Michael Bloomberg hosted pre-super tuesday campaign rally in Wilmington


Ben Casteen

Michael Bloomberg, running for the Democratic presidential nomination, speaks to supporters and attendees at a campaign rally the Saturday before Super Tuesday on March 3 at E. A. Laney High School in Wilmington.

Jack Kessler, Contributing Writer

Michael Bloomberg’s presidential campaign may be dead and gone, but for a brief moment on the Saturday before Super Tuesday the Democratic candidate held a rally at E. A. Laney High School, drawing a crowd of supporters, naysayers and political neutrals alike.

“I am running a campaign for change, for sanity, for honesty, for inclusion, for compassion, and a campaign for human decency,” said Bloomberg on Saturday.

Bloomberg, who spoke in Wilmington alongside the port city’s Mayor Bill Saffo, began his presidential campaign in November of last year. Having joined the race too late to participate in the Iowa, New Hampshire, Nevada and South Carolina caucuses and primaries, Bloomberg poured over $500 Million into a campaign focusing on the 15 states which voted on Super Tuesday.

When the results came in, the Bloomberg campaign had won a single U.S. territory: American Samoa. With this result, Bloomberg dropped out of the race on Wednesday, March 4, 2020, and endorsed Joe Biden for president.

Spirits were still high at the Saturday rally, however, and Bloomberg — having come from Washington D.C. — drew a crowd that filled up the E. A. Laney Highschool courtyard.

“It was interesting, I talked to a lot of people. I was interested in the kind of people who support Mike Bloomberg and I was interested in Mike Bloomberg, and I came here and I think it was worth going to and interesting to see him in person,” said Sean Condon, a UNC Wilmington student majoring in film and history.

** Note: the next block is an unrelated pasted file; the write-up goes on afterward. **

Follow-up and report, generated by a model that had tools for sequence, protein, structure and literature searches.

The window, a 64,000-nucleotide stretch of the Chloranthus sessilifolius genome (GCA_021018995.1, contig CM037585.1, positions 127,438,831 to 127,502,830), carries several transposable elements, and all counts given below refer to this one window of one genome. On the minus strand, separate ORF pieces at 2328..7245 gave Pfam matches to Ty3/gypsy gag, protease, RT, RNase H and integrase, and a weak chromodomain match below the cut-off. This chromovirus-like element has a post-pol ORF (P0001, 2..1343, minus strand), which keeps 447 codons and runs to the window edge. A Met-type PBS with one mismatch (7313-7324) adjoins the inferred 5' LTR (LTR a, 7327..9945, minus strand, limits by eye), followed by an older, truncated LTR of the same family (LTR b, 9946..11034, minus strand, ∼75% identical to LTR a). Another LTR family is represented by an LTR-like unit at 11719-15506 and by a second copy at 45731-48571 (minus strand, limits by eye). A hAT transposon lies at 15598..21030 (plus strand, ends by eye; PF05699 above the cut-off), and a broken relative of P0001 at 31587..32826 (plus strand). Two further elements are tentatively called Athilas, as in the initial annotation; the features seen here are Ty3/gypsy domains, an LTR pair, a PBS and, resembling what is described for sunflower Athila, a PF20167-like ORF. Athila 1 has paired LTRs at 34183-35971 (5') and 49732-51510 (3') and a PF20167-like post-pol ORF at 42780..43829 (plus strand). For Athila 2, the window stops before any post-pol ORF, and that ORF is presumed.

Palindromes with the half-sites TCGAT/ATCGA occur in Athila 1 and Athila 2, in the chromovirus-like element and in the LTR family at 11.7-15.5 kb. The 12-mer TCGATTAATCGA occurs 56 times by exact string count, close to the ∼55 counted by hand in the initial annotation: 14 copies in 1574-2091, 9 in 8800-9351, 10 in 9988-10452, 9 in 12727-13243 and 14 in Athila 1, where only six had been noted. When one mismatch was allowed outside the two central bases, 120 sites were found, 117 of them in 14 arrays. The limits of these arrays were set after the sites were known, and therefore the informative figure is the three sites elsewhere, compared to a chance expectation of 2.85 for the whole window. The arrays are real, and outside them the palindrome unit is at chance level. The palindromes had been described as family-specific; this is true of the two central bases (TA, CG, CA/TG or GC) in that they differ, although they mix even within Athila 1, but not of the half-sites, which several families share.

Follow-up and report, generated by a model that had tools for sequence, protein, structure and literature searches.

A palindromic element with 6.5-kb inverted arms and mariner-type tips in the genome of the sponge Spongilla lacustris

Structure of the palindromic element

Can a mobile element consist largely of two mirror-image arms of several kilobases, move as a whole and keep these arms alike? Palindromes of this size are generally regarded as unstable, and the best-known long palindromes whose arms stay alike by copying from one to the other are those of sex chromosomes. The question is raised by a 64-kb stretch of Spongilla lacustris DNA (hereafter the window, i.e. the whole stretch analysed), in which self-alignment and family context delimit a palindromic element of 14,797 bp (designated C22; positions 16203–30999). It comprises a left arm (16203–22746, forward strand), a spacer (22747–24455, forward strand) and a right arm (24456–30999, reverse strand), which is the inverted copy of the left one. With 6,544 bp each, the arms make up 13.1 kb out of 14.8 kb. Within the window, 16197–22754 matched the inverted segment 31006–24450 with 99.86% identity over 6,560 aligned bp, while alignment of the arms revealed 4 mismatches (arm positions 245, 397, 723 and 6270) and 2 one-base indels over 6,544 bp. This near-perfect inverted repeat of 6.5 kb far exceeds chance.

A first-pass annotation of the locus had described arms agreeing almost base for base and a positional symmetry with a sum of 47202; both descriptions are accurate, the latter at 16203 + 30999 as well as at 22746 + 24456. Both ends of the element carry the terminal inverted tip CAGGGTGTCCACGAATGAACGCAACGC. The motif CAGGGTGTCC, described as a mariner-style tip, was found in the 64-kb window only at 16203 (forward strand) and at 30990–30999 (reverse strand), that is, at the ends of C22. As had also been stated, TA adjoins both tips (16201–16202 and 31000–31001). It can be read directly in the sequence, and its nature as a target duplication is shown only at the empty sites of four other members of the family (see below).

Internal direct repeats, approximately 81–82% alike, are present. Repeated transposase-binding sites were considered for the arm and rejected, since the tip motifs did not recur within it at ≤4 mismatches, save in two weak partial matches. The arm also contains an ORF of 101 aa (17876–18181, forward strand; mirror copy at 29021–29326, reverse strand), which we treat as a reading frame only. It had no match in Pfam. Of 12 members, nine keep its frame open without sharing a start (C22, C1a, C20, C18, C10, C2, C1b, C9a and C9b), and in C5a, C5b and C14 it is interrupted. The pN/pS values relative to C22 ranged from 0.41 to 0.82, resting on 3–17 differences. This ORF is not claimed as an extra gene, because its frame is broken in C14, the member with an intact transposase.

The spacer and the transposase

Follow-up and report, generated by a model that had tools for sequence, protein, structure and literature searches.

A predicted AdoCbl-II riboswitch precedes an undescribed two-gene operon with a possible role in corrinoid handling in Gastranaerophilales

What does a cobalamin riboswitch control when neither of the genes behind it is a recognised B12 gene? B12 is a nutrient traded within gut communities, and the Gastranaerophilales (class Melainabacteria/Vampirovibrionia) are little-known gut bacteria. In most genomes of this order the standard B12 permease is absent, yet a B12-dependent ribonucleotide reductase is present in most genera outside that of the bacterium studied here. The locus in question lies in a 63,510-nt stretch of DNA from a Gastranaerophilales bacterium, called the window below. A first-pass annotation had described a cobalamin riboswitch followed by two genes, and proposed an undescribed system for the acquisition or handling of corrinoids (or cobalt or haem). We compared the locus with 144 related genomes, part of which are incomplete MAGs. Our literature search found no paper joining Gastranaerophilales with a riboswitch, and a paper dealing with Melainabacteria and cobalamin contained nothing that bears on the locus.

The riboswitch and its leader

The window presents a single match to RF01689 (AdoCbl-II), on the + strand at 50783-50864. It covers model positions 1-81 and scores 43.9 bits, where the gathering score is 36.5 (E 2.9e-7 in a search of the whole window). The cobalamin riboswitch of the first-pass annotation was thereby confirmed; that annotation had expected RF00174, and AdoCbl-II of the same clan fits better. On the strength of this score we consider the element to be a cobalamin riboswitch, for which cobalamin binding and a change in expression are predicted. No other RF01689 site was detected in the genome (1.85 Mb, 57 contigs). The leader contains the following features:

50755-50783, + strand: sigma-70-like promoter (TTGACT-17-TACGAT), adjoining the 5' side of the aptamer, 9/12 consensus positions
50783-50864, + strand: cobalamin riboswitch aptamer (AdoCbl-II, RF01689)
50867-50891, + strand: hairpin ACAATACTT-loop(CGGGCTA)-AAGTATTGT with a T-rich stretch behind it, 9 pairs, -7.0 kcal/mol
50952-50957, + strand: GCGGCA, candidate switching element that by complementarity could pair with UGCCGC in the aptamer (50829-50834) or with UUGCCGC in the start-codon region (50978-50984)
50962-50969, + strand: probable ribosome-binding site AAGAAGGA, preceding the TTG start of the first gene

The ultimate goal of his campaign was to defeat President Donald Trump, Bloomberg said, pointing to his track record of helping to put democratic candidates into office across the country.

Bloomberg also noted his experience as mayor of New York City in the aftermath of 9/11, as well as such feats as raising teacher salaries by 43 percent, cutting the cost of health care and raising life expectancy.

A Bloomberg presidency would mean less empty talk, less partisanship, less division and less tweeting, he said.

Concluding his speech, Bloomberg listed his four goals as president: to combat inequality, to support quality public education, to provide opportunity for all — not just a few — and to protect and defend the constitution.

“I lived in the city through 9/11. Giuliani was there for three months and he got the credit but Bloomberg did all the work,” said Tony Nestora, a Bloomberg supporter and rally attendee.

“Bloomberg’s the only one who really has management experience. I mean Pete whatever was a mayor of … a small city and he only had a few years. This guy’s been a manager of major corporations, New York City and he’s just experienced, you know, compounded. And people should just say — these other people who get into office and they’re gonna learn by doing — this guy’s done it already he’s the guy that you need,” Nestora said.

With Bloomberg having left the race, however, supporters like Nestora have been left out in the political cold. Three options now lie open to them: Joe Biden, Bernie Sanders or Donald Trump, and where this disaffected mass of people goes, votes are sure to follow.